According to the comment written by the author, “A little harder to read here, but causes less GC than dynamic varargs. Was contributing around 10% of parse GC load. Must make sure these are sorted, as used in findSorted”. Simply using static final constant array, also make them sorted so that binary search will also improve from O(n) to O(log(n)), the cost–performance ratio is pretty good here.

However, “MUST update HtmlTreebuilderStateTest if more arrays added” is not a good way to synchronize IMHO, rather than Copy & Paste I would use reflection to retrieve those constants. You may find my proposal in Pull Request #1157: “Simplify state sorting status unit test – avoid duplicated code in HtmlTreeBuilderStateTest.java”.

4. Flyweight Pattern

Do you know the trick of Integer.valueOf(i)? It maintains a IntegerCache cache from -128 to 127 or higher if configured(java.lang.Integer.IntegerCache.high), as a result, == and equals result will be different when the value is located in a different range(a classic Java interview question?). This is an example of Flyweight Pattern actually. As for Jsoup, applying this pattern will also reduce object created times and gain benefit to performance.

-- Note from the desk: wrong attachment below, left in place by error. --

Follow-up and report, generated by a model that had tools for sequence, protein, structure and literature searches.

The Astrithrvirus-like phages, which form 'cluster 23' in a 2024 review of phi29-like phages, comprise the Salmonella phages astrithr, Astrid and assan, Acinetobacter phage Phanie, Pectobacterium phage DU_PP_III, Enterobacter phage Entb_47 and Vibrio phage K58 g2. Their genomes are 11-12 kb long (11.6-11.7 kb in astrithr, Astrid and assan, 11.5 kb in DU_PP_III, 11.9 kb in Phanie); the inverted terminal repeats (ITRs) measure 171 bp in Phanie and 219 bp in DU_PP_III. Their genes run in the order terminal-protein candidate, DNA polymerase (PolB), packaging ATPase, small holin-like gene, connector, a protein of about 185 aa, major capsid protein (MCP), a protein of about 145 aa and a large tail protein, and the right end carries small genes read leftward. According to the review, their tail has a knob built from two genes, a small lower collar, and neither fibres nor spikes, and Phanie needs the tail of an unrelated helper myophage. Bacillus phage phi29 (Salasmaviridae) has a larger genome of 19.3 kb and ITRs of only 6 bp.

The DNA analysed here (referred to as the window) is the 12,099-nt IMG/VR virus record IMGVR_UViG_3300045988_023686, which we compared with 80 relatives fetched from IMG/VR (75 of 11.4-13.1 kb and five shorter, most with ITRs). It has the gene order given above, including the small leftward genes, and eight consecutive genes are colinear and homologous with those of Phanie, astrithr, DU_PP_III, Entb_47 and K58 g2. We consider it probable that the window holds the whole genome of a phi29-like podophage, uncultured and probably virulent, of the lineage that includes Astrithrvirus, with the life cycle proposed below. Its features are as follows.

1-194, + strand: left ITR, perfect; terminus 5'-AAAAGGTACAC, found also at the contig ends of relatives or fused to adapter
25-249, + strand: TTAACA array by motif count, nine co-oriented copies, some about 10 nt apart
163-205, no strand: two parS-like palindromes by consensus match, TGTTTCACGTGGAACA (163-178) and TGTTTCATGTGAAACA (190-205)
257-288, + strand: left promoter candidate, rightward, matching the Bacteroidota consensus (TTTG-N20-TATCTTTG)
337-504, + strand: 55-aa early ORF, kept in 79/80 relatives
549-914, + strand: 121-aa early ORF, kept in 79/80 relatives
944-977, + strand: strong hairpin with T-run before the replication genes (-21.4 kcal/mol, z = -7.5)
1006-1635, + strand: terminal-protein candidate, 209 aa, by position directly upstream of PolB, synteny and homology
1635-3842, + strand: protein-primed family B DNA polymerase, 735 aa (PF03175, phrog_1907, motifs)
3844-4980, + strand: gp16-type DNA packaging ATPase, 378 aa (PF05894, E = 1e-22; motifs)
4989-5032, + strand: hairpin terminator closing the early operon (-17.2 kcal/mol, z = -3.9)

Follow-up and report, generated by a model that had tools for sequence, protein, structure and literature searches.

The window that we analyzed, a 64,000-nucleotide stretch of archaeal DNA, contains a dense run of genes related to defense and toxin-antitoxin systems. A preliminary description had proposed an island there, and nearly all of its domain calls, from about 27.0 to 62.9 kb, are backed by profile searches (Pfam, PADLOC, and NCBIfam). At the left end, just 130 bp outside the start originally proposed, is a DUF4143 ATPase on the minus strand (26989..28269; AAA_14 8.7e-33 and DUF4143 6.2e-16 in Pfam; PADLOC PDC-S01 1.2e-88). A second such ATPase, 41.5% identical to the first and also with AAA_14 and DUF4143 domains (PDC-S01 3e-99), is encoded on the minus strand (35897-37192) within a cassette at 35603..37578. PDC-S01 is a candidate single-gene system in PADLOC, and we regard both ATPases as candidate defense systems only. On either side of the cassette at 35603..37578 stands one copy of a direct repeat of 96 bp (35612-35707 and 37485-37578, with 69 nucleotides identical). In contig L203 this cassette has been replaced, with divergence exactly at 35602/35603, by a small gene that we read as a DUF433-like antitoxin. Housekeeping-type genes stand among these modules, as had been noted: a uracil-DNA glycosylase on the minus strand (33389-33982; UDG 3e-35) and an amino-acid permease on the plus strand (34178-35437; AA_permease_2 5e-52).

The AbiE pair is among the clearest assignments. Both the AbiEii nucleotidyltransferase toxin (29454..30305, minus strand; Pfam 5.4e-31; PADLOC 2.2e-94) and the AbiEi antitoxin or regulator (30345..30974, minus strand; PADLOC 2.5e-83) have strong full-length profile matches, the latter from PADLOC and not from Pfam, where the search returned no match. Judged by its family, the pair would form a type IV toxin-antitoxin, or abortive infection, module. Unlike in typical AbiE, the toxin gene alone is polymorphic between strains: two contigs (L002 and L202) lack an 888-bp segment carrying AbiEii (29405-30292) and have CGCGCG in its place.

* Caches short strings, as a flywheel pattern, to reduce GC load. Just for this doc, to prevent leaks.
 * <p />
 * Simplistic, and on hash collisions just falls back to creating a new string, vs a full HashMap with Entry list.
 * That saves both having to create objects as hash keys, and running through the entry list, at the expense of
 * some more duplicates.
private static String cacheString(final char[] charBuf, final String[] stringCache, final int start, final int count) {
    // limit (no cache):
    if (count > maxStringCacheLen)
        return new String(charBuf, start, count);
    if (count < 1)
        return "";

    // calculate hash:
    int hash = 0;
    int offset = start;
    for (int i = 0; i < count; i++) {
        hash = 31 * hash + charBuf[offset++];

    // get from cache
    final int index = hash & stringCache.length - 1;
    String cached = stringCache[index];

    if (cached == null) { // miss, add